When I was working at my last newspaper job, I wrote a fair amount about the radicalization of institutional Islam in America, owing mainly to the control of major American Muslim organizations by the Muslim Brotherhood. This has been widely documented; this paper , by the leading Muslim scholar Husain Haqqani (who is now Pakistan’s ambassador to the US) is a good place to start if you want to get the basic story. You may wish to familiarize yourself with the work of Dr. Zuhdi Jasser , an anti-Islamist American Muslim, to know more. Also, this 2004 series  by the Chicago Tribune digs deep.
This document is also key. It’s a 1991 memo written by a top Muslim Brotherhood official in the US, outlining the organizations plans to infiltrate America with a number of front groups, which are named in the memo. It’s a who’s who of top Muslim organizations here. The document was seized by the FBI in a raid on a suspected terrorism organizer’s house, and introduced into evidence at the Holy Land Foundation terror financing trial in Dallas. The defense did not dispute the document’s authenticity, but as I recall, only said that it was outdated — a risible excuse.
Here’s the thing that drives people who understand this stuff crazy: the US government continues to embrace these organizations dedicated to radicalizing the US Muslim population. You know how bizarre this is? During the Holy Land trial, while US Justice Department attorneys were in a Dallas courtroom presenting evidence that the Islamic Society of North America is part of a network of Muslim Brotherhood front groups in this country whose mission is to commit stealth jihad, this same Justice Department — under George W. Bush, mind you — had representatives at the annual ISNA convention doing outreach.
All this came to mind this afternoon reading Christopher Caldwell’s review  of a new book by Zeyno Baran, a liberal Turkish-born Muslim and Washington-based policy scholar. Excerpt:
Her new book describes how Islamists have captured many Islamic religious and social institutions, including most of the Western ones. Islamism has supplanted more traditional tendencies and has become what most people, Muslim and non-Muslim alike, understand as mainstream Islam. Gullible American and European policymakers have partnered with the wrong Muslims, freezing out their friends and empowering those who wish them ill.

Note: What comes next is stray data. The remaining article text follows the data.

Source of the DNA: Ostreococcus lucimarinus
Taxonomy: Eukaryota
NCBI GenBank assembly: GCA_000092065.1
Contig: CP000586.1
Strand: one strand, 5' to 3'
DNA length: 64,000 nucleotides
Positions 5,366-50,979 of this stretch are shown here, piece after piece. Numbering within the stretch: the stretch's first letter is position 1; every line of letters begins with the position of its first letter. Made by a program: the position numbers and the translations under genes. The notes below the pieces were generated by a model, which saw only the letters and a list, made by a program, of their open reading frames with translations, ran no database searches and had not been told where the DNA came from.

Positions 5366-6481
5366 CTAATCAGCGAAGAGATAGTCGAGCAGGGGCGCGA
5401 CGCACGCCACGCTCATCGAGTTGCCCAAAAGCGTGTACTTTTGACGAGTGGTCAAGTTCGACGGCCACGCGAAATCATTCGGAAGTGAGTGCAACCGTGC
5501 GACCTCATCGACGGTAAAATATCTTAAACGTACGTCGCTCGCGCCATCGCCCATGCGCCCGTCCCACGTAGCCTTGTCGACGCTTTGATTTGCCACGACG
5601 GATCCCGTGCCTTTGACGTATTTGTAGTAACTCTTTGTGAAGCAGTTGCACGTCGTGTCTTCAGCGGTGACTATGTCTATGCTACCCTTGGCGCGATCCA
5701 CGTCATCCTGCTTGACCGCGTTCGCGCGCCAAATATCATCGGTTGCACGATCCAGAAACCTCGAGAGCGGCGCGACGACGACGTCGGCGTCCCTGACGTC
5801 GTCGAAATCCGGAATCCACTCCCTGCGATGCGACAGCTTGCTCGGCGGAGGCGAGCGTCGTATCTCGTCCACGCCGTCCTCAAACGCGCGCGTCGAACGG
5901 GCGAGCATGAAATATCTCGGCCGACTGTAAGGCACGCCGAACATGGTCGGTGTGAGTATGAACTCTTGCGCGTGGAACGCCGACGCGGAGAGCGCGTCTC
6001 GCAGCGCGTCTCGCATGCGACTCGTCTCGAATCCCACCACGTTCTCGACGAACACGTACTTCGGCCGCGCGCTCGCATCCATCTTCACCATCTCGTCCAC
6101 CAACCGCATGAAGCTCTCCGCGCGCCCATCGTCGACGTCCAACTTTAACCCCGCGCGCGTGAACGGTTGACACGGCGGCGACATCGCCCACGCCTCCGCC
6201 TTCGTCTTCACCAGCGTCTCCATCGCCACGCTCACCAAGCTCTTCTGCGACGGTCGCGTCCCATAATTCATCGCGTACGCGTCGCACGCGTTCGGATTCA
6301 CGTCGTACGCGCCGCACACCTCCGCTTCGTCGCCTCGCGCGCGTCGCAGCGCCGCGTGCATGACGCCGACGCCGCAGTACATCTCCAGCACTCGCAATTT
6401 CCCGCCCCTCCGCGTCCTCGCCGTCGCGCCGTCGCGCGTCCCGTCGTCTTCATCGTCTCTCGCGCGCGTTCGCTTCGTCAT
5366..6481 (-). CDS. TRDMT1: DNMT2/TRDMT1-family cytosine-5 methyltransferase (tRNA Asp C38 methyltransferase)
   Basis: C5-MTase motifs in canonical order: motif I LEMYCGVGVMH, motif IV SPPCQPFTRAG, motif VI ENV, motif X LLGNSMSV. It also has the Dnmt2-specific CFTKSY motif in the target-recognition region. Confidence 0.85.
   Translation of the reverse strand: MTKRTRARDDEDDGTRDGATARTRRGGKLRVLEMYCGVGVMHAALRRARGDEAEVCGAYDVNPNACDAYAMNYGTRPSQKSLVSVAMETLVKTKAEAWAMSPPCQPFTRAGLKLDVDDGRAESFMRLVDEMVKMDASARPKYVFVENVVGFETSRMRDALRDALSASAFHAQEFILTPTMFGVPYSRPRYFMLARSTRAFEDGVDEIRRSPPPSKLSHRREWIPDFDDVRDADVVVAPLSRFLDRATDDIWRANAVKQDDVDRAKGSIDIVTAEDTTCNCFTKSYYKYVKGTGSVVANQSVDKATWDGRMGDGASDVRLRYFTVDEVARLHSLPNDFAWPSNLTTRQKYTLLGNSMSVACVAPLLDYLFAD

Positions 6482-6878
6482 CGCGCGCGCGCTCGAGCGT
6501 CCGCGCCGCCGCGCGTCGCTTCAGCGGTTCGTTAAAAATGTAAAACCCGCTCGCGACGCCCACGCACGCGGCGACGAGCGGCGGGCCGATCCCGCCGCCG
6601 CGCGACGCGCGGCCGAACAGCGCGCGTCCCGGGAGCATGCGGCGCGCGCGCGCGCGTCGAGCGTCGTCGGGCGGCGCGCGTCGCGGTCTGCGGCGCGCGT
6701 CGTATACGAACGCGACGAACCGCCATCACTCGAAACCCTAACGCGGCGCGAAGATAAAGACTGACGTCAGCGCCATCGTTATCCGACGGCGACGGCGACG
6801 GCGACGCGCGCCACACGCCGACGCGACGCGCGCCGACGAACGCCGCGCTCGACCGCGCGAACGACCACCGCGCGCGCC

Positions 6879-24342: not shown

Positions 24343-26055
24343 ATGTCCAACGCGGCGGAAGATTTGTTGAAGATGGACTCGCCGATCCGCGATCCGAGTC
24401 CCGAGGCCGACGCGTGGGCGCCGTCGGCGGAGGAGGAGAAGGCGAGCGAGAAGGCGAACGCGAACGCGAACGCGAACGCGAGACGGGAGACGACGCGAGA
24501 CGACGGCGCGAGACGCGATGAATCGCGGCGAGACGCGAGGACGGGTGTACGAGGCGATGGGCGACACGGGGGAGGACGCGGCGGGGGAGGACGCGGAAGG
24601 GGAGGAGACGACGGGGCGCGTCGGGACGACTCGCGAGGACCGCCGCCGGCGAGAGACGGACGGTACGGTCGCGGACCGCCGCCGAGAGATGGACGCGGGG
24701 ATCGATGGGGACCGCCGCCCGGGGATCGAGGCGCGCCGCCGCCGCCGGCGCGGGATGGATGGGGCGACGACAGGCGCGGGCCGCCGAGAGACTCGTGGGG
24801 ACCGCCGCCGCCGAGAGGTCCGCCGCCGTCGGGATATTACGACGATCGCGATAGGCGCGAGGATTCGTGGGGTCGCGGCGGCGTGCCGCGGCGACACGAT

Don’t miss this point: Baran seems argues that by privileging these radical-led US organizations — some of which take over mosques and force out any Muslims who disagree with their hard line — American and European governments are helping to empower people who, because of their institutional platform, will set the norms for Islam in the West. And worse:
Baran is a Muslim liberal and feminist who insists that there is a strong message of gender equality in the Koran. She worries that the dominance of these Muslim Brotherhood–inspired, frequently Saudi-funded groups is obscuring the diversity of Islamic culture and religious practice. But the problem is worse than she says. Radical, politicized groups are not merely drowning out more traditionally pious strains of Islam—they are wiping them out. This process is underway in Baran’s native Turkey. Baran is a defender of the model of moderate, state-managed Islam, set up by Kemal Atatürk and his successors. The former president of Turkey, Suleyman Demirel, wrote the book’s introduction. Alas, the gifted demagogue and Islamist Tayyip Erdogan has spent the better part of the last decade ripping this apolitical Islam out of Turkish society root-and-branch. It is more a museum piece than a living, breathing alternative to Islamism.
Caldwell says that the strategies to counter this advocated by Baran can’t work for a couple of reasons:
One is that Americans are too frightened of being disciplined and punished for breaches of political correctness to discuss honestly any aspect of any policy touching on Islam. Even this term—“political correctness”—does not do justice to the Zhdanovite lockdown that the government enforces when it comes to discussing Islam.
Tell me about it. Remember that 2007 controversy  over “Islam vs. Islamists,” a documentary commissioned by PBS that focused on efforts by anti-Islamist Muslims (Dr. Jasser was one of them) to fight radicalism in their own mosques and communities, often at the risk of their own lives? PBS refused to air it after complaints by major US Muslim groups — precisely the groups criticized by anti-Islamist Muslims as being water-carriers for radicalism. It is hard to overstate how powerful political correctness is with media, academic, and governmental elites on all this. Useful idiots, the lot. They don’t understand this stuff, and don’t want to understand it. To know something is to be responsible for it. If the major US Muslim groups are substantially controlled by the Muslim Brotherhood, then we are in worse trouble than we think. That thought is dispiriting, so we have to deny it.